“Sure thing”. Click.
I called Alex. He almost fell off whatever he was sitting on. I believe his response was something along the lines of “Fawk Yeaaah….”
But there was a little problem. My funds were rapidly deteriorating. I had no other source of income and my divorce was escalating. I was considering taking a side consulting gig. $20,000 gift from NYCSeed would not be enough to sustain me, my family, and Alex. (It was not really a gift; it paid for 5% common in Risktail and implicit follow on rights if desired, but given the expected value, this was a far out of the money call option; sort of like my first trade and turned out to be just as successful.)
So without thinking about it much, Alex, who still had some of the Morgan Stanley money, immediately offered to lend me the contents of his bank account. Floored by his generosity, and afraid of all possible repercussions (he is Russian, you know), I hesitated. We talked it over while taking a walk up 5th avenue near Columbus circle and sipping on iced tea. It was a hot summer day.
“Dude, we should definitely do this”, said Alex.
“I don’t know man. I mean, I appreciate all the help, but this is a lot of money”
“No worries. We will make it back.”
I think he felt that this was his shot at greatness as well, and he did not want to pass it up. He also knew that I would make it right one way or the other. Hesitant, but optimistic, I decided to take the plunge. And so, stage 2 of our project had begun.
NYCSeed secured office space at NYU business school and four other companies joined us there. The schedule was packed with mentor meetings, dinners, legal presentations, and other things that I no longer remember. But all I kept thinking was how am I going to close the first deal, the first beta, the first anything.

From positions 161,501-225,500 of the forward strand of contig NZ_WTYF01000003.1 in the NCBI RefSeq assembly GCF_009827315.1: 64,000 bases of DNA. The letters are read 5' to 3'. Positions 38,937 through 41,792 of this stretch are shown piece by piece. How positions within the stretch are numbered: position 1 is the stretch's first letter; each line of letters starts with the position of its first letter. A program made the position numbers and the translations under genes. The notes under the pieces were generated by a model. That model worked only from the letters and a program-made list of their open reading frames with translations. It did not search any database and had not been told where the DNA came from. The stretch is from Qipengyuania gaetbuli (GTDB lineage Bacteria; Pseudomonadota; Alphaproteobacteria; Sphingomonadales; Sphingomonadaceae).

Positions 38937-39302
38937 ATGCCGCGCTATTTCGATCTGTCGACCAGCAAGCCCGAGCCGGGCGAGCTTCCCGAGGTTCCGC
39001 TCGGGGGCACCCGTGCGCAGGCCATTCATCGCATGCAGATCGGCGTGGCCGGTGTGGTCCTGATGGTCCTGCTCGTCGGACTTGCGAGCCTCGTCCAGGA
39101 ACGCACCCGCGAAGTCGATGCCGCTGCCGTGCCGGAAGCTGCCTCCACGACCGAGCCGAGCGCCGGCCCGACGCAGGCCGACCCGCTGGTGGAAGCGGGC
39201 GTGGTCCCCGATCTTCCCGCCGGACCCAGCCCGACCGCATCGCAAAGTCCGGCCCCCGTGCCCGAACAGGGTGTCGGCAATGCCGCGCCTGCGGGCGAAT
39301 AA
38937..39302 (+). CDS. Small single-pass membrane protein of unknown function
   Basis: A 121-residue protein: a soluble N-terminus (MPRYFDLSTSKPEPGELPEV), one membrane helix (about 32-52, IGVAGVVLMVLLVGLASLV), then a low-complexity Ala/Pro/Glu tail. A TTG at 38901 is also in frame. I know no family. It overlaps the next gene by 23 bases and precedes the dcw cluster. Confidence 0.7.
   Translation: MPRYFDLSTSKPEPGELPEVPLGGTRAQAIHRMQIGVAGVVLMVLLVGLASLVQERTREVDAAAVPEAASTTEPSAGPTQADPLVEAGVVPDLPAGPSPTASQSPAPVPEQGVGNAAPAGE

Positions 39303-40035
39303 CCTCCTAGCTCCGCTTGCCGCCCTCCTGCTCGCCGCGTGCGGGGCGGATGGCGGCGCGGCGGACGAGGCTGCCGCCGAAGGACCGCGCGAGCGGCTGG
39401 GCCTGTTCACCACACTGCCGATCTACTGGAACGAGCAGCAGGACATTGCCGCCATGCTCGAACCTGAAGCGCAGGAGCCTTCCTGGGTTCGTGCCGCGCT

Matt Gorin from Contour Venture Partners, who was our primary mentor, kept pushing us to come up with the stronger value proposition, the secret sauce, in the VC parlance. I too felt that the product was missing something, but I couldn’t quite put my finger on it. I decided to call Tom Sosnoff, who was still running Thinkorswim at the time. When I showed him the app, he was not impressed. Nice, but get back to me when it works. Thats what it was missing. It did not work!
This should have been a big clue for us. We (Alex and Luka, our Serbian genius coder) spent over 6 months of intense coding on the product that still did not work. A small team with limited resources can not afford not having something out in front of the customers in 6 months. The corollary was that that the product was too big for our team and for our resources (i.e. too many features that I mistakenly thought we desperately needed.)
When we started, my intent was to sell to retail brokers thinking that it is the shortest path to customers. My experience in B2B told me that if I nurture few early enterprise accounts, they will take me from concept to product and pay for it. But retail brokers are not your typical enterprise customer in a sense that their key products are NOT facing their internal users who are used to being abused by awful software. Their users are retail traders who are accustomed to beautiful software that works almost without a hitch. It was unreasonable for me to think that they would take an alpha version, not matter how much they liked us.
In fairness, Roger Ehrenberg from IA Ventures told us early on that selling to retail brokers is a giant pain in the arse. He was not giving us a typical VC blurb from 30,000 feet. Roger did a few deals in the space and had some experience in that market. Stubborn as I was, I ignored his advice and we kept working the feature set.